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Arch Hellen Med, 33(6), November-December 2016, 782-795


Ex vivo tolerance induction to Toll-like receptor 7 in donor lymphocytes as a prophylactic tool
in experimental acute graft-versus-host disease

N. Zogas,1,2 G. Karponi,1 F. Iordanidis,3 V. Paraskevas,1,2 A. Papadopoulou,1 Z. Scouras,2 A. Anagnostopoulos,1 E. Yannaki1
1Gene and Cell Therapy Center, Department of Hematology-Unit of Bone Marrow Transplantation, "G. Papanicolaou" General Hospital, Thessaloniki,
2Department of Genetics, Development and Molecular Biology, School of Biology, Aristotle University of Thessaloniki, Thessaloniki,
3Department of Pathology, "G. Papanicolaou" General Hospital, Thessaloniki, Greece

OBJECTIVES Acute graft-versus-host disease (aGvHD) continues to be a major cause of treatment-related morbidity and mortality after allogeneic hematopoietic stem cell transplantation. Conventional strategies to prevent or treat GvHD are often ineffective and result in generalized immunosuppression and increased susceptibility to infection, rendering the development of alternative anti-GvHD approaches imperative. Toll-like receptors (TLRs) are a family of highly conserved pattern-recognition receptors (PRRs) which are key players in donor T-cell activation during GvHD. Recently, regulatory mechanisms of TLR tolerance induced by repeated low doses of specific agonists have been recognized in the context of autoimmunity. This study explored whether ex vivo induced TLR-2, -4, and -7 tolerance to donor cells could prevent allo-reactivity in a mismatched transplantation murine model.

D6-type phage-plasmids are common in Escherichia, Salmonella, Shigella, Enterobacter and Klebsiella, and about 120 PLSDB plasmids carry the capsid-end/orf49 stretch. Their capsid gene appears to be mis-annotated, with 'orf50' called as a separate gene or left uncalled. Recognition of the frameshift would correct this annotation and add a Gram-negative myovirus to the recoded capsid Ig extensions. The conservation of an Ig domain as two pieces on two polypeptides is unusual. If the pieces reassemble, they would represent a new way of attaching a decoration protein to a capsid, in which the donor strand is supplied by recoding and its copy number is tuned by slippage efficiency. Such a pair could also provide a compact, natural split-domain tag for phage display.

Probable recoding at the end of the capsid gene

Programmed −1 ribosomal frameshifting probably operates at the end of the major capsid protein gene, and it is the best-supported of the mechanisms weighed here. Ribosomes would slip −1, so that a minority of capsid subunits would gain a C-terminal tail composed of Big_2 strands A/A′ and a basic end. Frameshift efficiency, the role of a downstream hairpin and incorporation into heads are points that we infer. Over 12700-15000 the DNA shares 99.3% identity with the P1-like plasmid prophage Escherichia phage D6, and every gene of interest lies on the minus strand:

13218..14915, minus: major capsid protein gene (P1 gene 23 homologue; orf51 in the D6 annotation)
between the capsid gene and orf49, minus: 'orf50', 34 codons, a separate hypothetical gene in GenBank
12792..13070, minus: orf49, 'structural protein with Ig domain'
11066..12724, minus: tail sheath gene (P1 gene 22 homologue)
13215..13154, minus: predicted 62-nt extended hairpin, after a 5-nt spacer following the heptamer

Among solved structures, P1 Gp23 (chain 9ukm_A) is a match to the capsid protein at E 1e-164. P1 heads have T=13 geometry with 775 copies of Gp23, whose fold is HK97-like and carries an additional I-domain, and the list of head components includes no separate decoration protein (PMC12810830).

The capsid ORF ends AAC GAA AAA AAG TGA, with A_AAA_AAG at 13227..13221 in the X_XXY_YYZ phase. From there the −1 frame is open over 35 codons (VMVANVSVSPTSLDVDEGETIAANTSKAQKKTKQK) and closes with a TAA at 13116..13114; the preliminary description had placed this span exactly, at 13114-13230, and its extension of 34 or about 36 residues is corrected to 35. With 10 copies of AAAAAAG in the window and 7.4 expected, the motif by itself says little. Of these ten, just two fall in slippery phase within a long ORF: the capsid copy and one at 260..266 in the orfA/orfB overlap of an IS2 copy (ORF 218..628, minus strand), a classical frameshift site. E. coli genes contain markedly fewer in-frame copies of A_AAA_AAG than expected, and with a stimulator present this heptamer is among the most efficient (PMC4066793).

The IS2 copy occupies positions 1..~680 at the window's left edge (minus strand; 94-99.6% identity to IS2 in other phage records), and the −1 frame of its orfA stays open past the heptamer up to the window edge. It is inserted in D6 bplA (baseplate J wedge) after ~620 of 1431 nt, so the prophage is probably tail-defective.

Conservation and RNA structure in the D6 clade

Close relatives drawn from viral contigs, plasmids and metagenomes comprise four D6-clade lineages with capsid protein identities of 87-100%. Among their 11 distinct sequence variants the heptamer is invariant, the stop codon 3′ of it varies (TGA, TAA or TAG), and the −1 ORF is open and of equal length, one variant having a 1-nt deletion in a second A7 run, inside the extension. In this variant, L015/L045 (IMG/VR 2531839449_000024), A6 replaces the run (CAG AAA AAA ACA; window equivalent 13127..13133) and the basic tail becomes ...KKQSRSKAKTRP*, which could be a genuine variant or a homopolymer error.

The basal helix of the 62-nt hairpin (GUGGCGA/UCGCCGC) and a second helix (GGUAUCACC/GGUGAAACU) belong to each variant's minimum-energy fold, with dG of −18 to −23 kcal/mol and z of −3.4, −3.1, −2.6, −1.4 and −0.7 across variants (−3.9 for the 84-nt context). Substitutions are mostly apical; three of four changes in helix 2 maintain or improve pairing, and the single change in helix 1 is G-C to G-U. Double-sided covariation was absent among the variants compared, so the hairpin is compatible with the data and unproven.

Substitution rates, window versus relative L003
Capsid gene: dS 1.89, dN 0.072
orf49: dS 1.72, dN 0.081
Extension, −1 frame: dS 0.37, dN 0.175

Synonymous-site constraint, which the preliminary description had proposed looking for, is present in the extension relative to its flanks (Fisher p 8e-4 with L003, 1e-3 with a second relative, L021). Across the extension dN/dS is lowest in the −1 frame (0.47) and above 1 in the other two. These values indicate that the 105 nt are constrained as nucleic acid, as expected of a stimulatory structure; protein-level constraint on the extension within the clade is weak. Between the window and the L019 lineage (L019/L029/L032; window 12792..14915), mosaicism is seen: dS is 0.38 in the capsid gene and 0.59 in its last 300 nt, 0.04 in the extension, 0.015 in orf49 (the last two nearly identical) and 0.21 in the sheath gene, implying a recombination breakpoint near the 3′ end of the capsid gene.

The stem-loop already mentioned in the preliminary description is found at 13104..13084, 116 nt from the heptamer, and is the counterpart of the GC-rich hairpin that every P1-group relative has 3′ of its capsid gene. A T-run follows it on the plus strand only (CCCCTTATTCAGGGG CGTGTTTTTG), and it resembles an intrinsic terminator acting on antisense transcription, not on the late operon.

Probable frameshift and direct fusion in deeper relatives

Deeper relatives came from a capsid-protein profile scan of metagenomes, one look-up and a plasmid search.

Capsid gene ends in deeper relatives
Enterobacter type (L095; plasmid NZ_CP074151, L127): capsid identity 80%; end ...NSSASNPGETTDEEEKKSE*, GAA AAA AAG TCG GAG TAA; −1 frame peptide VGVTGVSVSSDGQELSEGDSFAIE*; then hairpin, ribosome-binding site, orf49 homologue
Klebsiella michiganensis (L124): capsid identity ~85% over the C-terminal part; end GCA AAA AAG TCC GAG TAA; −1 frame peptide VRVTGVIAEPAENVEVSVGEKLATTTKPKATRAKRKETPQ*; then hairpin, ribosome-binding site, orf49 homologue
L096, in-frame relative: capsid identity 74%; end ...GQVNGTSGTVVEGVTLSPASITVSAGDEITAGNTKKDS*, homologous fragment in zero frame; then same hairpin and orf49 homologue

METHOD Tolerance was induced to TLR-2, TLR-4 and TLR-7 in mouse splenocytes by stimulation with low doses of corresponding ligands, and determined by detecting reduced TNF-α production on specific challenge. TLR tolerance-induced changes in splenocytes and purified T-cells were assessed at the cellular and molecular level by immunophenotypic and gene expression analysis, respectively. aGvHD incidence was evaluated by the clinical score and survival, and by the histopathology of target tissues.

RESULTS Tolerance was induced to all the TLRs tested (TLR-2, -4 and -7) in mouse splenocytes. Only the ex vivo, R848-induced TLR-7 tolerance in splenocytes or purified CD3+ T-cells was able to prevent aGvHD in vivo, and it persisted for at least 30 days post-BMT. This anti-GvHD effect was associated with distinct cellular and molecular signatures compared with unmanipulated counterparts or differently TLR tolerized cells, both ex vivo and in vivo, characterized by a shift of T-lymphocytes towards a Treg phenotype, repression of inflammatory signaling pathways and innate immune responses, and upregulation of negative mediators of inflammation. Importantly, despite downregulation of innate immunity pathways, TLR-7 tolerized T-cells maintained the immunological memory and produced virus-specific T-cells on antigen encounter. The anti-GvHD tolerance effect was specific to TLR-7, as TLR-7–/– T-cells failed to prevent aGvHD lethality in vivo.

CONCLUSIONS An effective, clinically applicable approach is proposed for aGvHD prevention through a transient and reversible immune reprogramming induced by ex vivo induced TLR-7 tolerance in donor lymphocytes.

Key words: aGvHD prevention, Innate immunity, TLR signaling, TLR7 tolerance, Toll-like receptors.

© Archives of Hellenic Medicine